Wilson, Thomas
(ca. 1525-1581)
   English humanist and royal official. Born in rural Lincolnshire, he studied as a King's Scholar at Eton College (1537-1542), where he was a pupil of Nicholas Udall, and then moved to King's College, Cambridge (B.A. 1547, M.A. 1549). At Cambridge he was associated with the group of humanists known as "Athenians" for their support of the Erasmian method of pronouncing Greek, an issue that gave rise to sharp controversy with the traditionalist chancellor of the university, Bishop Stephen Gar-diner. While teaching at Cambridge after completion of his degrees, Wilson was tutor to two sons of the Duchess of Suffolk, who was a patron of the regius professor of divinity, the noted German Protes-tant theologian Martin Bucer. With the death of King Edward VI and the accession of Queen Mary I, who was determined to restore Catholicism in England, Wilson decided to leave the country, not only for fear of persecution but also because several of his patrons had been executed for attempting to prevent Mary's succession to the throne. He went to Padua, where he joined his fellow exile John Cheke in perfecting his Greek and also began the study of civil law; he took a doctorate in law at Ferrara in 1560. While working as a le-gal advocate in Rome, he was arrested by the Roman Inquisition on charges that his books on logic and rhetoric contained heretical doc-trine. He survived only because in 1559 a Roman mob stormed the inquisitorial prison and set all prisoners free.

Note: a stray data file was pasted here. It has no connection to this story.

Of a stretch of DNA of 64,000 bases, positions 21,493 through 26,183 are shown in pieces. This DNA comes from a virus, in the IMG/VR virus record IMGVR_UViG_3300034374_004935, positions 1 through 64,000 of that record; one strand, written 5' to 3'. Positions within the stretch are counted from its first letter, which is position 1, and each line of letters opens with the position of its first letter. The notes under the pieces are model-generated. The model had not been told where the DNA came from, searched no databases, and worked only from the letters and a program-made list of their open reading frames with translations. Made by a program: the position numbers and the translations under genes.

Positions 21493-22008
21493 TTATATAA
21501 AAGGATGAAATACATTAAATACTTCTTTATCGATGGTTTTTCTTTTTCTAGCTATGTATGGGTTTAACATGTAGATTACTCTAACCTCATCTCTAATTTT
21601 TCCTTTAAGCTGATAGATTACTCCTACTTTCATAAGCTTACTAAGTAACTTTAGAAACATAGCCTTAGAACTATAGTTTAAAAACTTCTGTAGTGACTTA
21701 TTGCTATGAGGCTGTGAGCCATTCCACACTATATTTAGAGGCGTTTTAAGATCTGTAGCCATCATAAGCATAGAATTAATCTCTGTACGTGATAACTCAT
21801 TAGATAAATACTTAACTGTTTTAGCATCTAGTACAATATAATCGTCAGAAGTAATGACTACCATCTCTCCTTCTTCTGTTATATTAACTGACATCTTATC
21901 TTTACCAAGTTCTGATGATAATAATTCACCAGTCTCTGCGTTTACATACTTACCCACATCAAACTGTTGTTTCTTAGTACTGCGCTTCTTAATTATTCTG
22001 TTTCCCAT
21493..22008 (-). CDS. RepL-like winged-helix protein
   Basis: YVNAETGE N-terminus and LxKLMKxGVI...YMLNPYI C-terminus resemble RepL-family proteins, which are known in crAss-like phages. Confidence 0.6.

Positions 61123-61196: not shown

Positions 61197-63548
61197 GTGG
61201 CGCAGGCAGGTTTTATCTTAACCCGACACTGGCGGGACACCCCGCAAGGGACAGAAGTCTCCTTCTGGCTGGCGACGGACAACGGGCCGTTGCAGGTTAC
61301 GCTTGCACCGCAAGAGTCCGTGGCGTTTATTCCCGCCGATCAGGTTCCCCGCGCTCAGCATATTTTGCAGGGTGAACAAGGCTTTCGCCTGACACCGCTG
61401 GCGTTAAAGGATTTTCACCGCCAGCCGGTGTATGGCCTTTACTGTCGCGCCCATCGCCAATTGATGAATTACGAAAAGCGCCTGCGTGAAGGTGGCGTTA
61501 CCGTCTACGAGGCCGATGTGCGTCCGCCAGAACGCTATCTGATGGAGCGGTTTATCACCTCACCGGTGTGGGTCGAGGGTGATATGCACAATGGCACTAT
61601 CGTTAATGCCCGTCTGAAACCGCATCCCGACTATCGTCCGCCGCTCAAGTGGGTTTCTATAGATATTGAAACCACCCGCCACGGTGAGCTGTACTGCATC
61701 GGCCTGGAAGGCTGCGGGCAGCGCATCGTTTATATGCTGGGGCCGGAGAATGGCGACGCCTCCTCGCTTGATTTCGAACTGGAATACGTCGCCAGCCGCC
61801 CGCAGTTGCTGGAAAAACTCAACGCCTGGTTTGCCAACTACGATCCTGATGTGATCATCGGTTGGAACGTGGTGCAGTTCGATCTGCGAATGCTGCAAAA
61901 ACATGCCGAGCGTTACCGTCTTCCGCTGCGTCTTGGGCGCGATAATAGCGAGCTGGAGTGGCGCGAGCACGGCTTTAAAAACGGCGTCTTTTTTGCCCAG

Since the Protestant Elizabeth I was now ruling England, Wilson returned home in 1560. Having found the career of humanist scholar insecure and financially unrewarding, he now pursued a career at court. He began with a number of administrative and judicial ap-pointments and because of his legal training and his residence abroad was also sent on embassies to Portugal and the Netherlands. Begin-ning in 1563, he was elected to every Parliament that sat during the rest of his life. About 1577 he shared with Sir Francis Walsingham appointment as principal secretary of the Privy Council. Despite his explicit renunciation of a scholarly career after his return from Italy, he continued to write and study the classics. During his time at Cam-bridge, his closest associates had become convinced of the need for learned books in the English language, and most of Wilson's pub-lished books contributed to that cause. His Rule of Reason (1552) is an early example of a logic textbook written in English. His best known and most influential work, The Art of Rhetoric (1553), shows little originality but presents a useful introduction to rhetoric based on ancient authors such as Aristotle, Cicero, and Quintilian. His later publications include a Discourse upon Usury (1572), which con-demned charging of interest as a form of extortion and repeated sen-timents he had expressed as a member of Parliament. Wilson also continued his interest in Greek literature and published the first En-glish translation of Demosthenes' Olynthiacs and Philippics (1570).

Historical Dictionary of Renaissance. . 2004.

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